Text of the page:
This will give better coverage. Continue massaging for at least 5-10 minutes until you cover the entire saddle with the oil.
Allow it to dry
Leave the saddle to dry overnight. You can apply a second coat after it is dry.
Repeat oiling once a week for the first month
Repeat the oiling/conditioning treatment once a week for your new saddle. This will soften it up and also protect it. Make sure you clean the saddle before treating it.
Below is a helpful YouTube video on how to oil and condition your saddle.
FAQs on Should You Oil Your Saddle?
Do you oil the seat of a saddle?
Some saddle seats are natural leather and should be oiled regularly; others are constructed with synthetic material and don’t need oil. If you’re not sure whether or how often to oil your saddle seat, check with the saddle maker.
Can you use neatsfoot oil on saddles?
Neatsfoot oil is the best oil for conditioning saddles. It is all-natural and has a protective and restorative action.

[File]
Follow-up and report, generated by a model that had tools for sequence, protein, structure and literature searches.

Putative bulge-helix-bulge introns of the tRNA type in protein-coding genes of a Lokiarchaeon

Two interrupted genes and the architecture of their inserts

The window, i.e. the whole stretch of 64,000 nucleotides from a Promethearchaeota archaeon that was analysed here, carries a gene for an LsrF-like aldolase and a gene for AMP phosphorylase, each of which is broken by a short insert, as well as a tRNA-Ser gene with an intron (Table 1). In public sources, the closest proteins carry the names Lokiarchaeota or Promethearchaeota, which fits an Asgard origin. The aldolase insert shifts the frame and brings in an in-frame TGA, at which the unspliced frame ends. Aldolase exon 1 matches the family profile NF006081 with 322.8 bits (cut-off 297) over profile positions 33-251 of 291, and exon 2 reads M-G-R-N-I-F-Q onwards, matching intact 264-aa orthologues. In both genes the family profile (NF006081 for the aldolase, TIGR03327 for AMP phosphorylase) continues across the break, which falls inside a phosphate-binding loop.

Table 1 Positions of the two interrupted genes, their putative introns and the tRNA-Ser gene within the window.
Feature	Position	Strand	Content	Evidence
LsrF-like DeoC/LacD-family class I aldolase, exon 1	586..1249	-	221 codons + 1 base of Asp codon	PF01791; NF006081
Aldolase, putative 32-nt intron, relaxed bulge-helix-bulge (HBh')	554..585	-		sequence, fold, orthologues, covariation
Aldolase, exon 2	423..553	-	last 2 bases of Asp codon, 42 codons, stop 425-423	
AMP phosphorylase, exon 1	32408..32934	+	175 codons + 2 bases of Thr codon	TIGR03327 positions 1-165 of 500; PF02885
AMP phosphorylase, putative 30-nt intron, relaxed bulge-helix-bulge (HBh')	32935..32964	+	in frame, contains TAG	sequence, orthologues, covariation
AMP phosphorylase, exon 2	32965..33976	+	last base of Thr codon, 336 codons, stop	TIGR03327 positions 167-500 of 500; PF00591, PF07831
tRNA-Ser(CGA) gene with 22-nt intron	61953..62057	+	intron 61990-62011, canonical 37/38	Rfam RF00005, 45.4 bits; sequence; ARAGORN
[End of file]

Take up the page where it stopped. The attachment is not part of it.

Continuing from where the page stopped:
What kind of oil do you use on a leather saddle?
Neatsfoot oil, mink oil, or olive oil are excellent choices for oiling a saddle. Always follow your manufacturer’s instructions about oiling, especially for a new saddle. This is because they may have specific oil recommendations for the leathers used in making the saddle.
How much should you oil a saddle?
Use only a small quantity of oil to oil your saddle. In the first month of a new saddle, oil it once a week as the saddle wears; you can decrease the oil application to once every 2 to 6 months.
Does saddle oil darken leather?
Some oils could darken leather, but it is usually temporary. You also need to buff the leather properly while oiling, so it gets an even, all-over darkening effect.
Conclusion – Should You Oil your Saddle?
It is essential to oil your saddle from time to time; this applies to both English and Western saddles. Using oil regularly on your saddle will condition and soften it. Saddle leather hardens with time, and oiling can help restore and replenish its moisture to make it more supple.
Oiling can also protect the leather and make it more resistant to the elements. I recommend Fiebing’s 100% Neatsfoot oil for oiling your saddle. It is made in the USA, 100% natural, and known to condition, protect, replenish, and preserve leather tack.